LIBREVILLE—Authorities in Gabon, fearful of an oil-less future in 10 years' time, are planning to turn the small west African country into a foreign tourist's paradise—and solve its currency problems by the same ticket.
With its stunning beaches, equatorial forests, nature reserves and wealth of local crafts, Gabon is not short of tourist attractions. Until now however, it has not needed to exploit them.
Tourism has been neglected for obvious reasons. It hasn't
really had a part in the country's growth, as (Gabon) relied on
the revenues from the export of raw materials, like oil and wood,
Tourism Minister Alfred Mabika told AFP.
Out of 120,000 people who visited Gabon last year, only one percent came as tourists, according to figures from the ministry of tourism. The rest were here on business or for international conferences, the ministry said.
It is hardly surprising then that until now tourism has only accounted for between one and three percent of the GDP (Gross Domestic Product), but that figure, the ministry says, is set to change.
It wants to build up tourism in the next five years to provide between nine and 10 percent of the GDP. To do that, luxury tourism and niche tourism—catering to those wanting bush, fishing and hunting expeditions or safari trips—are to be developed.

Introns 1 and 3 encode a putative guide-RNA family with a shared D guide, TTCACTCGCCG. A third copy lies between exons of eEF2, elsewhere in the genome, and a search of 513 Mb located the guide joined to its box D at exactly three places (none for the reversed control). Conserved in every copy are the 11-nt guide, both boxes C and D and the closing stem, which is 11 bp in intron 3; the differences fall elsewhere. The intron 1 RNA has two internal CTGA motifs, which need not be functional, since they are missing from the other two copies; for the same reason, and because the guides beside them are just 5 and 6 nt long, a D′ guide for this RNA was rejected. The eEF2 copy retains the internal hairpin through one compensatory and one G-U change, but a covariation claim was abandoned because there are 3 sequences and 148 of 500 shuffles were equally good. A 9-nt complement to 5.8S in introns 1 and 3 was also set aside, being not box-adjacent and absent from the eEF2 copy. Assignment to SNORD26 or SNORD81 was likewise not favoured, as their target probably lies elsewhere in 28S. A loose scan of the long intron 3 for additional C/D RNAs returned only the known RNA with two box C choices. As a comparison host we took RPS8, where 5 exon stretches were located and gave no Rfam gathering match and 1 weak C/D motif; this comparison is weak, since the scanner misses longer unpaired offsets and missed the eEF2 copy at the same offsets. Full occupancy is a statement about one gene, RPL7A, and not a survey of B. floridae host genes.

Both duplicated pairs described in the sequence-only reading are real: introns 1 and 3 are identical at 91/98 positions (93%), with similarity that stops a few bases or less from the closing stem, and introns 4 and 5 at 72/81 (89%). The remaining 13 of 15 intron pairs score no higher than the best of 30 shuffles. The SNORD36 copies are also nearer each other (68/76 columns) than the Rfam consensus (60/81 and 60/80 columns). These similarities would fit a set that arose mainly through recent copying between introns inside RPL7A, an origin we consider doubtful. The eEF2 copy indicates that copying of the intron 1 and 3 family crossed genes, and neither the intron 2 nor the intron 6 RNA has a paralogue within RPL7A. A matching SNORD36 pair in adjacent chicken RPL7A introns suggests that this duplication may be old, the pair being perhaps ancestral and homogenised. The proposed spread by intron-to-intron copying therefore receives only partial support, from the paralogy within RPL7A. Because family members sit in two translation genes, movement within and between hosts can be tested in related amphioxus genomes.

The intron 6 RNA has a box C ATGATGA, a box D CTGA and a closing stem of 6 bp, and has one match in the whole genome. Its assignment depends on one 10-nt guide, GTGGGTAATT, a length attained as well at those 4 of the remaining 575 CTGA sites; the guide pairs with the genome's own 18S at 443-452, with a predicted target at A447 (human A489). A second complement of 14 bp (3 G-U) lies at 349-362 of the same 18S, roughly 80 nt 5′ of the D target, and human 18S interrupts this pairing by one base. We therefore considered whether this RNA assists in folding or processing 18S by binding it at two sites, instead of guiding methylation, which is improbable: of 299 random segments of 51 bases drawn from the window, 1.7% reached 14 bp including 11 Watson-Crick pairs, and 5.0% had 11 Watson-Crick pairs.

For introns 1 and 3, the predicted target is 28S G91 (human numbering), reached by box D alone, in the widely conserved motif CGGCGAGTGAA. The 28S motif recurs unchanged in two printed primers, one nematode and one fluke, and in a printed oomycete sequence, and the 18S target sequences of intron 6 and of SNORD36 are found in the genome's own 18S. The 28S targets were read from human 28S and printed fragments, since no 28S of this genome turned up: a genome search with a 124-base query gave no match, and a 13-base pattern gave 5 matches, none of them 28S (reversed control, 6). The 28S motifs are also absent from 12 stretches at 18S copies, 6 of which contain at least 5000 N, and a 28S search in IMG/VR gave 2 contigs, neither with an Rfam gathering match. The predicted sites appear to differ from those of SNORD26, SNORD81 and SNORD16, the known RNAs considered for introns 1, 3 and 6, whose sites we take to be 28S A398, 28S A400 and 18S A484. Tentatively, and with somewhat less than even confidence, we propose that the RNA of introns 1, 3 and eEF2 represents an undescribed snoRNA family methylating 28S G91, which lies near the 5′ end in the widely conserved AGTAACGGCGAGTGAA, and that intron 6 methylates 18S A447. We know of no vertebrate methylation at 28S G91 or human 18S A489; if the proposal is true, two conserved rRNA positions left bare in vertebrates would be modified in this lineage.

In an attempt to encourage investors, President Omar Bongo has recently passed a series of measures which will mean that businesses linked to tourism will not have to pay customs duties for 10 years and taxes for eight.
Exorbitant customs duties have played a large part up till now in keeping down imports vital to the development of the tourist industry.
A tourism visa—until now unheard of in Gabon—is also to be introduced.
The visa will cost nothing and will be delivered by embassies and accredited travel agents, according to the tourism ministry.
eco-guides will be trained to show tourists
round. A postgraduate certificate in tourism was launched last
December at Libreville university.
But there are other pressing problems the authorities are going to have to tackle if tourists are to be lured here—poor infrastructure, low private investment and prohibitive airfares.
Currently the cheapest fare to Gabon from Europe is around 700,000 CFA zone francs (997 dollars, 1,069 euros)—more than double the fare to popular African tourist destinations Kenya or South Africa.
Those who make the trip here have few hotels to choose from—only 100 in the whole of the country, destined almost exclusively for a business clientele. Meanwhile there are around 10 travel agencies.
So far only 750 people are employed by the tourist industry in Gabon -around 1,000 times less than in South Africa, according to the tourism minister.
Worse still, locals do not know how to properly welcome tourists, one hotel manager in Libreville told AFP. Visitors have even been refused permission to leave the airport despite being in possession of a valid visa.